Having ignored reality for years, newspapers are at last doing something. In order to cut costs, they are already spending less on journalism. Many are also trying to attract younger readers by shifting the mix of their stories towards entertainment, lifestyle and subjects that may seem more relevant to people’s daily lives than international affairs and politics are. They are trying to create new businesses on- and offline. And they are investing in free daily papers, which do not use up any of their meagre editorial resources on uncovering political corruption or corporate fraud. So far, this fit of activity looks unlikely to save many of them. Even if it does, it bodes ill for the public role of the Fourth Estate.

Getting away with murder

In future, as newspapers fade and change, will politicians therefore burgle their opponents’ offices with impunity, and corporate villains whoop as they trample over their victims? Journalism schools and think-tanks, especially in America, are worried about the effect of a crumbling Fourth Estate. Are today’s news organisations “up to the task of sustaining the informed citizenry on which democracy depends?” asked a recent report about newspapers from the Carnegie Corporation of New York, a charitable research foundation.

Nobody should relish the demise of once-great titles. But the decline of newspapers will not be as harmful to society as some fear. Democracy, remember, has already survived the huge television-led decline in circulation since the 1950s. It has survived as readers have shunned papers and papers have shunned what was in stuffier times thought of as serious news. And it will surely survive the decline to come.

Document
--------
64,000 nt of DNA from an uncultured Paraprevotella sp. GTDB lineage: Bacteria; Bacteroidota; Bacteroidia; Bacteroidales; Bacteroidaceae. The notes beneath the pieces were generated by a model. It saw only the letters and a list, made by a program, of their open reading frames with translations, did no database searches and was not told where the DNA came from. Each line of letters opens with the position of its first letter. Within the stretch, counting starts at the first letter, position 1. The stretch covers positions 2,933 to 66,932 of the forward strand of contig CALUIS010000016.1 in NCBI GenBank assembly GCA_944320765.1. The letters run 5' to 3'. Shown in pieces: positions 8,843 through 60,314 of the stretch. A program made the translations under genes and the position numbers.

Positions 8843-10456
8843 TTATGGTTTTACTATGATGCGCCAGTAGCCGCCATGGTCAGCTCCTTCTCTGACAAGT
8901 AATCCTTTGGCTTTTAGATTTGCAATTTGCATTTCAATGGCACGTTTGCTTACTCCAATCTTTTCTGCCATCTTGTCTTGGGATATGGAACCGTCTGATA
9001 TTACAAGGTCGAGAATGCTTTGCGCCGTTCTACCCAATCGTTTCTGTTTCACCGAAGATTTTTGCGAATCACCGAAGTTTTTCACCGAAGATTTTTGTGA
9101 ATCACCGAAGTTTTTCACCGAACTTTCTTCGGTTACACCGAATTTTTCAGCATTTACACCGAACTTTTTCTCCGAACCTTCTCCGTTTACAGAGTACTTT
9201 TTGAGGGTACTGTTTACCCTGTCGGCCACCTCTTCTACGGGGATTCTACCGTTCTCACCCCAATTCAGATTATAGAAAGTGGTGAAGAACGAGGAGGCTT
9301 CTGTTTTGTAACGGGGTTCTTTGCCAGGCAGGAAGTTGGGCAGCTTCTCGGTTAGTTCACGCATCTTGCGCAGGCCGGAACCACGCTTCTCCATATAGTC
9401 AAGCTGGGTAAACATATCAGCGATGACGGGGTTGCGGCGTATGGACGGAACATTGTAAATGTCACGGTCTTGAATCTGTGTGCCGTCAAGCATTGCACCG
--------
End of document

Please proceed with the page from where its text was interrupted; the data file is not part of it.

That is partly because a few titles that invest in the kind of investigative stories which often benefit society the most are in a good position to survive, as long as their owners do a competent job of adjusting to changing circumstances. Publications like the New York Times and the Wall Street Journal should be able to put up the price of their journalism to compensate for advertising revenues lost to the internet—especially as they cater to a more global readership. As with many industries, it is those in the middle—neither highbrow, nor entertainingly populist—that are likeliest to fall by the wayside.

The usefulness of the press goes much wider than investigating abuses or even spreading general news; it lies in holding governments to account—trying them in the court of public opinion. The internet has expanded this court. Anyone looking for information has never been better equipped. People no longer have to trust a handful of national papers or, worse, their local city paper. News-aggregation sites such as Google News draw together sources from around the world. The website of Britain’s Guardian now has nearly half as many readers in America as it does at home.

In addition, a new force of “citizen” journalists and bloggers is itching to hold politicians to account. The web has opened the closed world of professional editors and reporters to anyone with a keyboard and an internet connection. Several companies have been chastened by amateur postings—of flames erupting from Dell’s laptops or of cable-TV repairmen asleep on the sofa. Each blogger is capable of bias and slander, but, taken as a group, bloggers offer the searcher after truth boundless material to chew over. Of course, the internet panders to closed minds; but so has much of the press.